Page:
Aadhaar debate: Centre tells SC that not every aspect of right to privacy is fundamental

During the hearing in the Supreme Court on the arguments of four states that are not ruled by BJP, including Karnataka and West Bengal on the privacy issue on Wednesday, Attorney General KK Venugopal stated that privacy as a fundamental right was 'deliberately avoided' from Article 21.

“Privacy, as a fundamental right, could have been mentioned in 21 but has been omitted. This was deliberate,” he said.

He also argued that the right to life transcends the right to privacy. "Claims to privacy that would destroy constitutional goals of social justice cannot be elevated to the status of a fundamental right," he said in the hearing. "The rights to life and personal liberty are neither unqualified nor absolute," Venugopal said.

The four states moved the Supreme Court seeking to intervene in the ongoing hearing on the issue of whether the right to privacy can be declared as one of the fundamental rights under the Constitution.


Besides Karnataka and West Bengal, two Congress-led states of Punjab and Puducherry took a stand opposite to the central government, which had said that the right to privacy is a common law right and not a fundamental right.

One of the more controversial comments that the attorney general made in the hearing was that the right has more credibility in 'developed countries that are socially, economically and politically developed', adding that in a developing country like India something as 'amorphous' as the right to privacy can never be a fundamental right. To this statement, the Supreme Court replied, saying, "Privacy isn't an elitist concept, it'll affect large masses. The state can't get blanket sanction to do whatever it wants."

Additional Solicitor General Tushar Mehta, appearing for the Unique Identification Authority of India (UIDAI), the entity that issues Aadhaar cards, also argued that the right to privacy may be considered a fundamental right, but all aspects of privacy can't be put under fundamental rights category.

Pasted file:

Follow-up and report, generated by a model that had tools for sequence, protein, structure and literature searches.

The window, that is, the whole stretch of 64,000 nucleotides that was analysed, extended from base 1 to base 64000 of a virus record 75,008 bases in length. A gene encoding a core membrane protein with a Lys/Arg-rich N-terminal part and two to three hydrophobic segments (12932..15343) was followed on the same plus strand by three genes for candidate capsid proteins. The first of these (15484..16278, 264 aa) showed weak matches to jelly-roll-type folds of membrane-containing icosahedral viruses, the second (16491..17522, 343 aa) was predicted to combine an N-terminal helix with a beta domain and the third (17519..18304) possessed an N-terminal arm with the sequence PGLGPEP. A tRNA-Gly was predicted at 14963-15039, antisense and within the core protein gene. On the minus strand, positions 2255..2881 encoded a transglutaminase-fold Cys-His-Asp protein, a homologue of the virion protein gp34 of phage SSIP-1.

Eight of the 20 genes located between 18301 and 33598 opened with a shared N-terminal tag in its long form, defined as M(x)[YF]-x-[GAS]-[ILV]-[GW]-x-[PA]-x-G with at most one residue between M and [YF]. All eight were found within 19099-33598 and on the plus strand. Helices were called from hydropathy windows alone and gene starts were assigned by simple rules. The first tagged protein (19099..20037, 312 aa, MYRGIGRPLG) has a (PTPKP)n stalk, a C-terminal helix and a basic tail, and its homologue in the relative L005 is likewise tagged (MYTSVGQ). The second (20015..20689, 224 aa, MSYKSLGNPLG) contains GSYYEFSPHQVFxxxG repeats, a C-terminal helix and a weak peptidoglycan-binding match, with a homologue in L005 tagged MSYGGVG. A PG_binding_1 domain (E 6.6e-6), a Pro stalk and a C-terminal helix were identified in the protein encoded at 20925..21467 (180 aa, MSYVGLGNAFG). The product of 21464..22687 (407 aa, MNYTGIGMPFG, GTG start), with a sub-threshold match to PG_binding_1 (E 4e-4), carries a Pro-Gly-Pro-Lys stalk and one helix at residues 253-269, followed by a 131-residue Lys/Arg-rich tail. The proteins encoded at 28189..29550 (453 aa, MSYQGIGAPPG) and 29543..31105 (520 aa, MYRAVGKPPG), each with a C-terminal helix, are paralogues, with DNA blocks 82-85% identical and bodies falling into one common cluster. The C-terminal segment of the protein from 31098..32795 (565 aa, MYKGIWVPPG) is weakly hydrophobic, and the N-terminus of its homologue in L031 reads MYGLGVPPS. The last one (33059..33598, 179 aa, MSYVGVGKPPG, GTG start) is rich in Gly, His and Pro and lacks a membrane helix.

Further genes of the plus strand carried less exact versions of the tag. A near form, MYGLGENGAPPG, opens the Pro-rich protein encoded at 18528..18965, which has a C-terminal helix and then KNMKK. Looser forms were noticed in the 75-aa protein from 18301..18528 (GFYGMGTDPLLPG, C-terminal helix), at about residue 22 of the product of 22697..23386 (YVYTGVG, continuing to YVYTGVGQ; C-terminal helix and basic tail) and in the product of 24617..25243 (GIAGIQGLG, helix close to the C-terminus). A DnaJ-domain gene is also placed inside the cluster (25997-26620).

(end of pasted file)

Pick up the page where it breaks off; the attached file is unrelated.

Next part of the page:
File image of Supreme Court. AFP

File image of Supreme Court. AFP

Senior advocate and Congress party leader Kapil Sibal, representing the four states that oppose the stance of the Centre, initiated his arguments before a nine-judge Constitution bench headed by Chief Justice JS Khehar and said that in the light of technological advancement, the court needs to take a fresh look on the right to privacy and its contours in the modern day.


Live Law has carried the written submission made by Sibal. In the submission, he states that right to privacy is a “quintessential right flowing out of the bouquet of rights under enshrined under Article 21.” He goes on to say that “present societal context where advances in technology and communication have transformed the relationship between stakeholders inter se and in particular the relationship between the State and its citizens.” The senior lawyer also urged the State to formulate a 'robust data protection law' to ensure that information of the citizens is secure.

"Privacy cannot be an absolute right. But it is a fundamental right. This court needs to strike a balance," he concluded before the bench, which also comprised justices J Chelameswar, SA Bobde, RK Agrawal, Rohinton Fali Nariman, Abhay Manohar Sapre, DY Chandrachud, Sanjay Kishan Kaul and S Abdul Nazeer apart from the chief justice.

Hearings related to the right to privacy and Aadhaar cards will resume on Thursday, where the respondents i.e. the State will resume its arguments. According to lawyer Prasanna S, hearings are likely to take place until next week.

The apex court had on 18 July set up the Constitution bench after the matter was referred to a larger bench by a five-judge bench.

The petitioners had claimed that collection and sharing of biometric information, as required under the Aadhaar scheme, was a breach of the "fundamental" right to privacy.

The Centre had on 19 July submitted in the apex court that right to privacy cannot fall in the bracket of fundamental rights as there are binding decisions of larger benches that it is only a common law right evolved through judicial pronouncements.

With inputs from agencies


Published Date: Jul 26, 2017 06:33 pm | Updated Date: Jul 26, 2017 06:33 pm



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